What are you listening to?
Monday, January 24, 2022
Save the date: WHSLA Wisdom Chat, Friday, February 11th at 1:00 PM. Rita Mitchell, Advocate Aurora Health Librarian, will present on her interactive approach to teaching critical thinking to medical residents.
This webinar is only available to paid up WHSLA members, so pay your dues today and expect and an online invitation on February 1st from Barb Ruggeri.
It’s easy to renew: Visit http://www.whsla.org/join-whsla and renew by check or with PayPal.
Friday, January 21, 2022
Join the African American Medical Librarians Alliance (AAMLA) Caucus for a 3-part discussion of The Immortal Life of Henrietta Lacks by Rebecca Skloot during the Experience MLA annual event.
MLA CE credit will be provided for this activity.
The Experience MLA Events are open to non-MLA members, so feel free to invite others.
In preparation for the discussion attendees should read or watch one of the following:
Read: Skloot, R. (2010). The Immortal life of Henrietta Lacks. New York: Crown Publishers. [Books will not be provided]
Watch: HBO Films, The Immortal life of Henrietta Lacks starring Oprah Winfrey and Rose Byrne
February 1, 8, and 15, 2022
1:00 - 2:30PM (CST)/2:00 - 3:30 PM (EST)
Registration is not required, but encouraged as it gives the organizers an idea of how many facilitators will be needed to lead discussions.
[If you tried to register, but sessions were full, try again. It looks like they added more tickets.]
February 22, 2022
1:00 - 2:30PM (CST)/2:00 - 3:30 PM (EST)
The Series will conclude on February 22, 2022 with a presentation from Chris by Analyzing the Legacy of Henrietta Lacks: HeLa Cell Impact on Research.
Thursday, January 20, 2022
WHSLA has received funding from NNLM Region 6 for the upcoming MLA Webinar:
- The webinar will take place on January 25th from 1:00-2:30pm, central time.
If you would like a code for an individual to view the webinar (live or as a recording for up to 180 days) and also claim CE credits, please email Dora Davis at dora dot davis at phci dot org.
WHSLA Professional Development Coordinator
From Dora Davis
Your WHSLA Professional Development Coordinator
If you’re like many people, the new year is a great time to refocus and recharge. Many of us like to make New Year’s resolutions but if you’re like me, at this mid-point in the month your steam is starting to give out to the pressures of home, work, family etc. One resolution I’ve set for myself is to try to do at least one “official” professional development activity every month. What better way to do that than to attend one of MLAs webinars, sponsored by Region 6?
I know some of you may be thinking that this is cheating because I’m the Professional Development Coordinator but the truth is, I haven’t found the latest MLA offerings pertinent to my super limited job as a hospital librarian. But then a few months ago, I happened to be free and online when one of the systematic review webinars was about to start and though I don’t work on these at all in my role, I decided to log on and watch rather than continue binge watching whatever I was watching at the time. (Right now it’s Home on Apple TV if you ‘re interested.) So I fired up the systematic review webinar and then watched and marveled as I learned so much that I could apply to my job:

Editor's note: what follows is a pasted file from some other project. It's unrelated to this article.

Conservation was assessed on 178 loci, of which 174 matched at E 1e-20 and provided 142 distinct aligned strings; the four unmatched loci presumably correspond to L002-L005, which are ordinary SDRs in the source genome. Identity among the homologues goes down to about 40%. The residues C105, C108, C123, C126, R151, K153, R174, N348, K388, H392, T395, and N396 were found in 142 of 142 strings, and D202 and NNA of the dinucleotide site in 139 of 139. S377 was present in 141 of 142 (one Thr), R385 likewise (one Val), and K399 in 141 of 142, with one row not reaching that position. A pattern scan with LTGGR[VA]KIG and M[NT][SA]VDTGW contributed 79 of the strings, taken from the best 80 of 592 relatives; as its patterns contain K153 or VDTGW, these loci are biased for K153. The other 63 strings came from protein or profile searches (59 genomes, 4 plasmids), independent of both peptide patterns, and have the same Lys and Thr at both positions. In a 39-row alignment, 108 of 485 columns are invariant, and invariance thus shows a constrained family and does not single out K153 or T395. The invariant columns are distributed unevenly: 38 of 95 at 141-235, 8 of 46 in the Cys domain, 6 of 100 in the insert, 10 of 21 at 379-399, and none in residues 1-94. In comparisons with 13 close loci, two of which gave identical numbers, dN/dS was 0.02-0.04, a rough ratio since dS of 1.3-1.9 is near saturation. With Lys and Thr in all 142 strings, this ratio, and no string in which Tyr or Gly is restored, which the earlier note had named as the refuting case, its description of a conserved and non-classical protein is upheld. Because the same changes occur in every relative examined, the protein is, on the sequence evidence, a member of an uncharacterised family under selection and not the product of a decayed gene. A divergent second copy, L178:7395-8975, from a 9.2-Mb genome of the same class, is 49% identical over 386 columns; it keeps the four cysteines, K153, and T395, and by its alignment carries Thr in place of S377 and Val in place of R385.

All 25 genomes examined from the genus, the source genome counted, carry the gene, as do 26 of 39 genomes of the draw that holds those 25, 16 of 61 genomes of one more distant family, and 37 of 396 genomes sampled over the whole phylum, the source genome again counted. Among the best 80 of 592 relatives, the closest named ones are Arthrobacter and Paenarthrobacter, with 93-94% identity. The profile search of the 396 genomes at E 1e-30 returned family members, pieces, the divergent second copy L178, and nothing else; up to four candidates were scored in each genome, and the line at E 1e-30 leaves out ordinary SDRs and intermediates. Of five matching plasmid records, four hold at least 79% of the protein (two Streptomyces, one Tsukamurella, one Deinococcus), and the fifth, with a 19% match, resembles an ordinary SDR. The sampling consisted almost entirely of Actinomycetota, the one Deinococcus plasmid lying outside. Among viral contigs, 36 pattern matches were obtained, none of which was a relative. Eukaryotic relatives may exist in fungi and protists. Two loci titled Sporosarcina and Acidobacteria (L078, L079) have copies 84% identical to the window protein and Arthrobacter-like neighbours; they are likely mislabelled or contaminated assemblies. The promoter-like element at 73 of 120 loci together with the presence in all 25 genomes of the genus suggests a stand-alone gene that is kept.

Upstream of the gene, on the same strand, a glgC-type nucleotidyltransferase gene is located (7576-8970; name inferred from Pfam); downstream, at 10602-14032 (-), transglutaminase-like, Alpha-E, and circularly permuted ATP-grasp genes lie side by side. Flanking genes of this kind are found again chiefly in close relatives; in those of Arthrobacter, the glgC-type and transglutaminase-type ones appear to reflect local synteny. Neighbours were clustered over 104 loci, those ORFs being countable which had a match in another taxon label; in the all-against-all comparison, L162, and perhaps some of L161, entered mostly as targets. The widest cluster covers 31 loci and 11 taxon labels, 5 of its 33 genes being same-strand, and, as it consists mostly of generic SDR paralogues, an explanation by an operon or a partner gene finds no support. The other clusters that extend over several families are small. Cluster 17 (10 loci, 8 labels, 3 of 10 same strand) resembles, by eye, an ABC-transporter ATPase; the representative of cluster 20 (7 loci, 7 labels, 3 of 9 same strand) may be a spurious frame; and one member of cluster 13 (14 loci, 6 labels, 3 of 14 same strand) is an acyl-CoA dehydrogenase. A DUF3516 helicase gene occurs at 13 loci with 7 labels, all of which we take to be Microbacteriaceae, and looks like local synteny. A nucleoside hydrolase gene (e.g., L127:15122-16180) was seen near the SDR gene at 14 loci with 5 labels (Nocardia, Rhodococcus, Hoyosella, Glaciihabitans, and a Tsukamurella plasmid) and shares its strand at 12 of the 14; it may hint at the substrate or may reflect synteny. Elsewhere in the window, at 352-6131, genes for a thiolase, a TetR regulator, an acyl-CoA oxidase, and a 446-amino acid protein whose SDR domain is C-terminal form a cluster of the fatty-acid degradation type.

- I learned about being an advocate for myself and my skills,
- I got a refresher on Prospero
- and at the end of the webinar I had more than a few ideas jotted down to apply to my current position.
Now unless I leave my organization I don’t anticipate ever working on a systematic review, however I still feel that the 90 minutes I spent in that webinar was value added to my current role. So I will watch a webinar or attend a professional development activity every month, even if it’s a past webinar and I can’t claim credit. (And if you’re interested in watching past webinars, I know a girl who can help with that…me!)
On the non-professional side of resolutions, I am making reading-for-pleasure a priority this year. My goal is to read 75 books. I’m on book 4 so wish me luck with that one!
What are your New Year’s Resolutions?
PS-If you’re looking for a list of webinars available you can email me and I’ll send you the list. Or you can check this blog post for a list with a few of them.
Wednesday, January 12, 2022
It's time to renew your WHSLA for 2022. Visit this link to fill out the membership form and send in your payment (PayPal or check). Dues are just $20 per year.
What are we planning for 2022?
- Awarding two Professional Development scholarships (worth up to $500 each)
- Free access to select MLA webinars
- Networking with fellow WHSLA members
- WHSLA Wisdom Chats
After attending an immersive Van Gogh exhibit this summer, I've been reading more about him and his work.
Starry Night is one of those paintings you just recognize. But what I didn't know is the math and science behind it. I invite you to take a break and dive into 'The unexpected math behind Van Gogh's "Starry Night" '.
Tuesday, January 11, 2022
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Recording Available: DOCLINE Winter Webinar
The December 15, 2021 DOCLINE Winter Webinar Recording and Slide Deck are now posted.
This webinar provided a brief overview of new DOCLINE features and improvements, discussed the 2022 development roadmap, and answered user questions.
The recorded session and slides have been added to the DOCLINE system home page under webinars.
Please check back for the Q&A update which will be posted as soon as it is available.
To provide feedback about the webinar, please Contact NLM.
Contact DOCLINE Support with feedback or to report technical issues.
For anyone who missed the live session back in December (like me!)